Take-or-pay clauses in energy contracts: the rule on penalties
Produced in partnership with Phillip Ashley, Judith Aldersey-Williams, David Rutherford, and Leontine Mathew of CMS Cameron McKenna Nabarro Olswang LLP
Take-or-pay clauses in energy contracts: the rule on penalties

The following Energy practice note produced in partnership with Phillip Ashley, Judith Aldersey-Williams, David Rutherford, and Leontine Mathew of CMS Cameron McKenna Nabarro Olswang LLP provides comprehensive and up to date legal information covering:

  • Take-or-pay clauses in energy contracts: the rule on penalties
  • English courts’ attitude to take-or-pay clauses
  • Take-or-pay clauses and the rule on penalties
  • Background on primary and secondary obligations and on claims in damages and debt
  • Applicability of the rule on penalties to take-or-pay clauses
  • History and development of the rule
  • Position under current law
  • Cases supporting the current position in the context of take-or-pay clauses
  • The relevance of ‘substance over form’
  • The likelihood of take-or-pay clauses actually being found to be penalties if the rule on penalties applies
  • More...

This Practice Note considers the English Court’s attitude to take-or-pay clauses and provides a thorough consideration the rule on penalties in relation to take-or-pay clauses.

For an introduction to introduction to take-or-pay clauses in the energy sector and the regulatory and competition law issues regularly encountered, see Practice Note: An introduction to take-or-pay clauses in energy contracts.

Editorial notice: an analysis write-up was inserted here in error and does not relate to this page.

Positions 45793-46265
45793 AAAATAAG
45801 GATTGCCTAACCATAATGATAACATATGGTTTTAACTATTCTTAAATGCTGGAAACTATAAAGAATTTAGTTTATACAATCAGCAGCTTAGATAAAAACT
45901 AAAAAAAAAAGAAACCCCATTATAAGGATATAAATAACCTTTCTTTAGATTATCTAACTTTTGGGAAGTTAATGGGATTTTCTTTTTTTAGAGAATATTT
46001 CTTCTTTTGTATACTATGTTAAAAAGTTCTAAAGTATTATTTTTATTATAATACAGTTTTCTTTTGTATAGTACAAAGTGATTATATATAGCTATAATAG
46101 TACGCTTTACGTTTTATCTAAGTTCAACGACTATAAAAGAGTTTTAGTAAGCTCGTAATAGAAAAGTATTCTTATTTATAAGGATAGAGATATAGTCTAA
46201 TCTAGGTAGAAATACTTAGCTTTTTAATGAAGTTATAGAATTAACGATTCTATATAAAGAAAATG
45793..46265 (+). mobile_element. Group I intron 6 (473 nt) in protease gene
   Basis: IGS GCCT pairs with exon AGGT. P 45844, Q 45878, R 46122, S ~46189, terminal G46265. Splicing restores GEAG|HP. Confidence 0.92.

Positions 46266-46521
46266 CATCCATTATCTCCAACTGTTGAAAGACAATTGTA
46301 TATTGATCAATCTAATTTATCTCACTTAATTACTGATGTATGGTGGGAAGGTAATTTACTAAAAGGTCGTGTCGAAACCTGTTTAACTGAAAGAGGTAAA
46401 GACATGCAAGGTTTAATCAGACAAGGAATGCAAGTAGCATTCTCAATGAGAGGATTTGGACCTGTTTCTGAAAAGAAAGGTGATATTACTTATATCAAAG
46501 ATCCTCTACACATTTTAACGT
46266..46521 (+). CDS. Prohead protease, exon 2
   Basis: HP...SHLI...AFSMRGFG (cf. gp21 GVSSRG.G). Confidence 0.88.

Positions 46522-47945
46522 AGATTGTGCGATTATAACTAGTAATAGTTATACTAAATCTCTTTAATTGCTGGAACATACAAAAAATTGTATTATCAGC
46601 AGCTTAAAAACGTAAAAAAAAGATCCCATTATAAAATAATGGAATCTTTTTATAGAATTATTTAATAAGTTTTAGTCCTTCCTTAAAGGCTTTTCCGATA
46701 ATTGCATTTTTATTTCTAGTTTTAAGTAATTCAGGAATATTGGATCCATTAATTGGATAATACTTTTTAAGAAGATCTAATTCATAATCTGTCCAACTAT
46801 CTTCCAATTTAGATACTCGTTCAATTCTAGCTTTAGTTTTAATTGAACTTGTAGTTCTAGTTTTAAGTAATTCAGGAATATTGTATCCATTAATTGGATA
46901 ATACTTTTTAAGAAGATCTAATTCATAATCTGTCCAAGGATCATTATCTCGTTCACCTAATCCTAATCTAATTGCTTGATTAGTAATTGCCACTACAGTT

For more information on drafting take-or-pay clauses and the common features encountered, see Practice Note: Drafting take-or-pay clauses in energy contracts.

English courts’ attitude to take-or-pay clauses

English Courts have generally recognised and upheld take-or-pay provisions in commercial agreements.

In Port of Tilbury (London) Ltd v Stora Enso Transport & Distribution Ltd, the defendant had an ongoing need to import, handle, store and distribute its paper in England. It entered into a long-term contract with the claimant, the Port of Tilbury (the ‘Port’), under which the Port agreed to construct facilities for the handling of the defendant’s paper at Tilbury and provide a number of services such as the unloading of paper shipped to the port and the loading of paper orders for despatch from the facilities. In return, the defendant agreed to supply a minimum quantity of paper to the Port each year, for a term of fifteen years, and pay the Port for handling that quantity of paper. Alternatively, the defendant agreed to supply less paper but still pay for

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